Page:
A longstanding question in biology is how the size of an organ is determined (Conlon and Raff, 1999
). While environmental cues such as nutrient availability play an important role in regulating organ size, developing organs also possess intrinsic information about their final size. Accumulating evidence suggest that a “size checkpoint” operates at the level of the organ’s total mass, rather than the size or the number of the constituent cells. At present, the molecular nature of this organ size checkpoint remains a mystery.
Recent studies in the fruit fly Drosophila
have implicated the Hippo signaling pathway as an intrinsic mechanism that restricts organ size in development (Edgar, 2006
; Pan, 2007
). This pathway is defined by a kinase cascade whereby the Ste20-like kinase Hippo (Hpo), facilitated by the WW-domain-containing adaptor protein Salvador (Sav), phosphorylates and activates the NDR family kinase Warts (Wts). Wts, in turn, phosphorylates and inactivates the transcriptional coactivator Yorkie (Yki), leading to transcriptional downregulation of target genes such as the cell-cycle regulator cyclin E
, the cell death inhibitor diap1
, and the microRNA bantam
. Inactivation of the Hpo, Sav, or Wts tumor suppressors, or overexpression of the Yki oncoprotein, results in massive tissue overgrowth characterized by excessive cell proliferation and diminished apoptosis.
Several lines of evidence suggest that Yki represents the most critical effector of Wts in the Hippo growth-control pathway (Huang et al., 2005
). First, Yki is phosphorylated by Wts in a Hpo-dependent manner. Second, Yki is required for normal diap1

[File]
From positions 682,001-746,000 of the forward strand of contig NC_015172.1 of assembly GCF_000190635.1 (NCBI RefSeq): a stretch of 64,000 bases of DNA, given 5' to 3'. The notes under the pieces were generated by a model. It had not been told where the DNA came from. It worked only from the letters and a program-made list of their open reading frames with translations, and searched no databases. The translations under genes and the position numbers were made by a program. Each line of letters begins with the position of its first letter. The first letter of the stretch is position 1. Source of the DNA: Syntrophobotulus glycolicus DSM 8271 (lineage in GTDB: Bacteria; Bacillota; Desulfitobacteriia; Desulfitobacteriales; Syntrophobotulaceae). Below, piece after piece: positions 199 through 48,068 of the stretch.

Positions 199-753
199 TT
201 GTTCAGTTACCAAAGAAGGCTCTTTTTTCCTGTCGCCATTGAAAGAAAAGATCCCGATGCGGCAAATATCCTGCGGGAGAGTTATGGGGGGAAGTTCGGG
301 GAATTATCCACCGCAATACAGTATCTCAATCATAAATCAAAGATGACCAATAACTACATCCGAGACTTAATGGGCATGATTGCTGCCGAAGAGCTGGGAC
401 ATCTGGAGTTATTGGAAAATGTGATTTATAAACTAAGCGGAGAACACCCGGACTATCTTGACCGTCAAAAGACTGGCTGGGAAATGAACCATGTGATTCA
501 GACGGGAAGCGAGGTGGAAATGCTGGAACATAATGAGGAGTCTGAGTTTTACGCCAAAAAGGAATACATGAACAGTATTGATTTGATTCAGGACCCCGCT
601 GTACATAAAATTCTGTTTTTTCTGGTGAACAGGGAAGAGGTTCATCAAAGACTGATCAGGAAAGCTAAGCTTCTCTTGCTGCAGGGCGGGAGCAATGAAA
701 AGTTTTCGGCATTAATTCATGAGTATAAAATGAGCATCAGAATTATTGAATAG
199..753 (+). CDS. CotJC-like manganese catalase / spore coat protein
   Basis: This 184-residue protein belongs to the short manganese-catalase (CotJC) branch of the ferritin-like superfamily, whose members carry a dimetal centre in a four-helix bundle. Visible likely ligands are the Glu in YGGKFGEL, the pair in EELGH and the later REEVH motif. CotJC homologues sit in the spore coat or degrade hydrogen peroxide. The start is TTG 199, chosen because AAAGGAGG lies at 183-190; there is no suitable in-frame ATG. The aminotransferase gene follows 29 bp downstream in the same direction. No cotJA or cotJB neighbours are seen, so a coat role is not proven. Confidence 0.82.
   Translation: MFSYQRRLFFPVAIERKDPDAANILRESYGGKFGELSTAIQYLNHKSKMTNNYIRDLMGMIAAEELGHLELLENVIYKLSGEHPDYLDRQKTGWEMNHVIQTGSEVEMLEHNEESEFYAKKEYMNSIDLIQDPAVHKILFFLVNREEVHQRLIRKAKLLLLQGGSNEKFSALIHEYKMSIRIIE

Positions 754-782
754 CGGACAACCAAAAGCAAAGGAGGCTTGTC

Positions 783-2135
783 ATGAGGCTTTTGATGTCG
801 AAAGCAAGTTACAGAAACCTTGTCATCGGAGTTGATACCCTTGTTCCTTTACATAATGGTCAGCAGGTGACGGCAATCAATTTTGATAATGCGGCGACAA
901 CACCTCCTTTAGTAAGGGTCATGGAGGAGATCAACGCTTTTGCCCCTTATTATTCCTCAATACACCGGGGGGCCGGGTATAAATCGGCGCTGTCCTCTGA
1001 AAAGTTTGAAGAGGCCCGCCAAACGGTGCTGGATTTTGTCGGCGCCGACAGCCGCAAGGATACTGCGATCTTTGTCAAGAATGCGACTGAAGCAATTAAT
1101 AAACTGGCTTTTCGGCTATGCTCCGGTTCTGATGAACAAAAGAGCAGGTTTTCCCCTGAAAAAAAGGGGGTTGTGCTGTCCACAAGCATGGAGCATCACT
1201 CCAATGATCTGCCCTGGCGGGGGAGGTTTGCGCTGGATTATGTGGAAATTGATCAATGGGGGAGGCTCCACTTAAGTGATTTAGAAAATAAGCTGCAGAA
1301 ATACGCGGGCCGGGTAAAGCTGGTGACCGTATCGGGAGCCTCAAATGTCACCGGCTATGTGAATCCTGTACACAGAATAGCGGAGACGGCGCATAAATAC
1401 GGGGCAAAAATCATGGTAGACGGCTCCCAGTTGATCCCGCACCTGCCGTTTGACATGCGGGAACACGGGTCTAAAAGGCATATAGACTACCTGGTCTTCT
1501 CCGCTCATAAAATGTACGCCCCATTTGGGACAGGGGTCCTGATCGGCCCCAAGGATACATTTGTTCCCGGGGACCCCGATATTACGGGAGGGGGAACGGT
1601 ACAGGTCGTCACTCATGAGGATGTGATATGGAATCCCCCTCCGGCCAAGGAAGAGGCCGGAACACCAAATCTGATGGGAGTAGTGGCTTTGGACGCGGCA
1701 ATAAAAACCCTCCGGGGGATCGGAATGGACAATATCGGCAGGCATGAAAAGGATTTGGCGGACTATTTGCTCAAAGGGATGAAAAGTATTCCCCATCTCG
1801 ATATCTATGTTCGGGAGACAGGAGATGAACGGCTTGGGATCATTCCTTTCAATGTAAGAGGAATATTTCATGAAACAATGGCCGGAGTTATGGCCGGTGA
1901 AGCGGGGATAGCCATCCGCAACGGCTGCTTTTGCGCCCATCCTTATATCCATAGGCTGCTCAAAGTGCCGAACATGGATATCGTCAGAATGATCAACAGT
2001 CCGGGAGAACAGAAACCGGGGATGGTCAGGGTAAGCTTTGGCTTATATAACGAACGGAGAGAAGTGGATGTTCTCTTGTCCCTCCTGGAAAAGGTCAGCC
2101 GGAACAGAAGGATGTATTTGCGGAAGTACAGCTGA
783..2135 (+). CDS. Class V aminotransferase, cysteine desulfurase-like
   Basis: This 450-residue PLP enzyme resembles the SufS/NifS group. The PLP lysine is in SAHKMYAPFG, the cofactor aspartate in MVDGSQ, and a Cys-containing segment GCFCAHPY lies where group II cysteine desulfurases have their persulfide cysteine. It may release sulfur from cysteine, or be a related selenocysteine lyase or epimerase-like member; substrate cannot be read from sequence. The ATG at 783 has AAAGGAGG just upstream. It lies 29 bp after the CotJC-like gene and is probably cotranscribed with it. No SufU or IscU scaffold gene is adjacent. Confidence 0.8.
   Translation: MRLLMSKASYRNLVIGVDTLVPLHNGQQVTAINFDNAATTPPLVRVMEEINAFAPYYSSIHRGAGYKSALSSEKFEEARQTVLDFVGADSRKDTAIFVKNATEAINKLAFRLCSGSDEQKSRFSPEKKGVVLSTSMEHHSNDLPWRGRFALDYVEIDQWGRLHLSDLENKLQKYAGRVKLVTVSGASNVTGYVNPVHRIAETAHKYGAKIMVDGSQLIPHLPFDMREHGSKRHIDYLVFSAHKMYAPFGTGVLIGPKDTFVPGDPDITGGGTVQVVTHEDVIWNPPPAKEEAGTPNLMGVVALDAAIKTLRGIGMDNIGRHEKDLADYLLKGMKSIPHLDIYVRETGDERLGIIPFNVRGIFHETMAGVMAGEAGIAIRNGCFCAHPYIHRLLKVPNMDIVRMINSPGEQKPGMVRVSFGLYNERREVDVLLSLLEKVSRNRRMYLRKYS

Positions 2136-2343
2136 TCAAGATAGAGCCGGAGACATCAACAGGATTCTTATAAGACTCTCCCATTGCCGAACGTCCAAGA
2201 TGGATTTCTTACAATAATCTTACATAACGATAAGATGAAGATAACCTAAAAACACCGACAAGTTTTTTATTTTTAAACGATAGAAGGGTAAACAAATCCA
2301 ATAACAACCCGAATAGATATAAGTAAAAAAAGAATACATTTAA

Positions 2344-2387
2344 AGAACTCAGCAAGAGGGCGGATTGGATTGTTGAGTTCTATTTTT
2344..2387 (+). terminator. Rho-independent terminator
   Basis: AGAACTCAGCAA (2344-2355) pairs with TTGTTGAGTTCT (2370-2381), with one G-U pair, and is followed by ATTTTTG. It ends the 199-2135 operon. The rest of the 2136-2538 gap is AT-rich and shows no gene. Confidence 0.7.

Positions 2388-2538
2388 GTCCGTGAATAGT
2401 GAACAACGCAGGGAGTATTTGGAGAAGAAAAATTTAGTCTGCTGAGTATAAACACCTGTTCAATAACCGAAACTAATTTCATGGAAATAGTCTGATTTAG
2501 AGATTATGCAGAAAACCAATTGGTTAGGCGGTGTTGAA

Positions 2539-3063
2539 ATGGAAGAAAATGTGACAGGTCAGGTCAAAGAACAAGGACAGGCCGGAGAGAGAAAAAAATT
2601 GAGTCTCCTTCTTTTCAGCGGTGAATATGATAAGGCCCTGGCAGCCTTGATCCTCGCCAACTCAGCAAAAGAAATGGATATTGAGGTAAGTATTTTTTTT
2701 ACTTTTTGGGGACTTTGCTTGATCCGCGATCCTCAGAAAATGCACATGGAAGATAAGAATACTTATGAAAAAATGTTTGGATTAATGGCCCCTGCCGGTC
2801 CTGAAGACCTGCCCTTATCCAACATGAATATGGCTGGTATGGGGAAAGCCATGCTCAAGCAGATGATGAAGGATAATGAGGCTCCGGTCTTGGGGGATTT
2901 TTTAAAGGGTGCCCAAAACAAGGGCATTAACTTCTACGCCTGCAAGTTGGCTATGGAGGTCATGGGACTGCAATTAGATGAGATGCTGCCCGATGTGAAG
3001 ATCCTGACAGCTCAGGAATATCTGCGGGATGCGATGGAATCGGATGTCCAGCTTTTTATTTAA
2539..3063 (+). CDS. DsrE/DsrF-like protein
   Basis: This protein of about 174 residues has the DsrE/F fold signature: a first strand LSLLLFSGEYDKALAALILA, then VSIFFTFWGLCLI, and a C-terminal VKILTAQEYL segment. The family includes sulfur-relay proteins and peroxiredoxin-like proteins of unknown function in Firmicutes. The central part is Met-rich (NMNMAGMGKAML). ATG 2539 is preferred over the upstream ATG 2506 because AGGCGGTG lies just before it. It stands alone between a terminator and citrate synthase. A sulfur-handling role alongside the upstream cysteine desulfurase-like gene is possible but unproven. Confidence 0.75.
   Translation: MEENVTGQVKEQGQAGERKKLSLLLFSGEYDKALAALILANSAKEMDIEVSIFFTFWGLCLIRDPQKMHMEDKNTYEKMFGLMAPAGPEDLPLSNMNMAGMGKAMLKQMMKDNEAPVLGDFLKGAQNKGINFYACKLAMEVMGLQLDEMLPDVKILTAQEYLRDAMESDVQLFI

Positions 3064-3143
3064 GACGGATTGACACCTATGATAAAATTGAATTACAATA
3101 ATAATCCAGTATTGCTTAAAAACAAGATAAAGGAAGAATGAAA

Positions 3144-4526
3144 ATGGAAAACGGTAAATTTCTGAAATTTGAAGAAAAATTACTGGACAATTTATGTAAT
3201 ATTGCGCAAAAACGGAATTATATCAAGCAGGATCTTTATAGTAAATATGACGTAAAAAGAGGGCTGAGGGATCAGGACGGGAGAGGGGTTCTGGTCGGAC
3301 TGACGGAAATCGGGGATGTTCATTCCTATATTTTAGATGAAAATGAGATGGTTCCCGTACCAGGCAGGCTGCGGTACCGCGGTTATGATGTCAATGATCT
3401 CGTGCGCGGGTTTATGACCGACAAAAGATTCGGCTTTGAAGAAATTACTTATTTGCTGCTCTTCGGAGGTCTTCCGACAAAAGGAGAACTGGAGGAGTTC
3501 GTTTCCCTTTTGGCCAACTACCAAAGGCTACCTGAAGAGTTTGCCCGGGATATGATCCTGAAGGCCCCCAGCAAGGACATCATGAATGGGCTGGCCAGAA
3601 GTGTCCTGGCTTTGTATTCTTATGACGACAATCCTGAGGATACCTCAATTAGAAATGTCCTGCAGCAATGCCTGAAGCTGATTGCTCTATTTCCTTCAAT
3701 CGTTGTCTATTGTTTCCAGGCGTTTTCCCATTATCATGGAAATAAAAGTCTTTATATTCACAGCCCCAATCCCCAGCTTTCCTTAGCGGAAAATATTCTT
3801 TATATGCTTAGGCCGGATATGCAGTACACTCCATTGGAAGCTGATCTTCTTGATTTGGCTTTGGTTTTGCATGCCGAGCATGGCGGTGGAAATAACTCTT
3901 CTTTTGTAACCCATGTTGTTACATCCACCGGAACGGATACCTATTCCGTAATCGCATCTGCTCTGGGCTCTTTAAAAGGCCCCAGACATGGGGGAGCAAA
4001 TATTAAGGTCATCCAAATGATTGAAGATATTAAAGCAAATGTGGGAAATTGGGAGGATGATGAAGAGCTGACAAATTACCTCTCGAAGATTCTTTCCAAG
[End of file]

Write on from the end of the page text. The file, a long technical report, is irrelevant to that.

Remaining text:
transcription and tissue growth in Drosophila
imaginal discs, and genetic analysis placed Yki downstream of hpo
, and wts
. Most importantly, overexpression of Yki recapitulates the loss-of-function phenotypes of hpo
, and wts
, such as increased diap1
transcription, increased cell proliferation, and diminished apoptosis, as well as tissue overgrowth. While these findings have established Yki as a critical nuclear effector of the Hippo pathway, the molecular mechanism by which Hippo signaling inactivates Yki function remains to be determined.
A longstanding issue in Hippo signaling concerns the composition and physiological role of this pathway in mammals. Despite the presence of mammalian homologs for all the known components of the Drosophila
Hippo pathway (Mst1/2 for Hpo, WW45 for Sav, Lats1/2 for Wts, and YAP for Yki), previous studies in mammals have failed to unite these proteins in a physiologically relevant signaling cascade. Instead, these proteins have been associated with a wide range of biochemical and physiological roles. For example, Mst1/2 was reported to phosphorylate histone H2B (Cheung et al., 2003
) and FOXO transcription factors (Lehtinen et al., 2006
). Lats1/2 was reported to regulate mitosis and cytokinesis by interacting with cdc2 (Tao et al., 1999
), zyxin (Hirota et al., 2000
), and LIMK1 (Yang et al., 2004
). YAP was reported to play diverse functions ranging from protein trafficking to transcription by binding to at least nine different targets (Sudol, 1994
; Mohler et al., 1999
; Yagi et al., 1999
; Espanel and Sudol, 2001
; Vassilev et al., 2001
; Ferrigno et al., 2002
; Komuro et al., 2003
; Basu et al., 2003
; Howell et al., 2004
). Most critical to the establishment of a mammalian Hippo pathway is a physiologically relevant assay that measures pathway output, which unfortunately has not been available.
In this report, we first investigate the mechanism by which Hippo signaling antagonizes Yki in Drosophila. We show that Hippo signaling inactivates Yki by excluding it from the nucleus via phosphorylation of a critical residue (S168). We provide functional evidence that phosphorylation of this residue mediates the growth-suppressive output of the Hippo signaling pathway. Based on the functional conservation of this phosphorylation site in the mammalian YAP protein, we delineate a mammalian Hippo signaling pathway that links Mst1/2, WW45, and Lats1/2 to YAP phosphorylation. Finally, we explore the physiological function of the mammalian Hippo pathway using a conditional YAP transgenic mouse model. We demonstrate that the mammalian Hippo pathway is a potent regulator of organ size, and that its dysregulation leads to tumorigenesis. These results implicate the Hippo pathway as a universal regulator of tissue homeostasis in metazoan animals.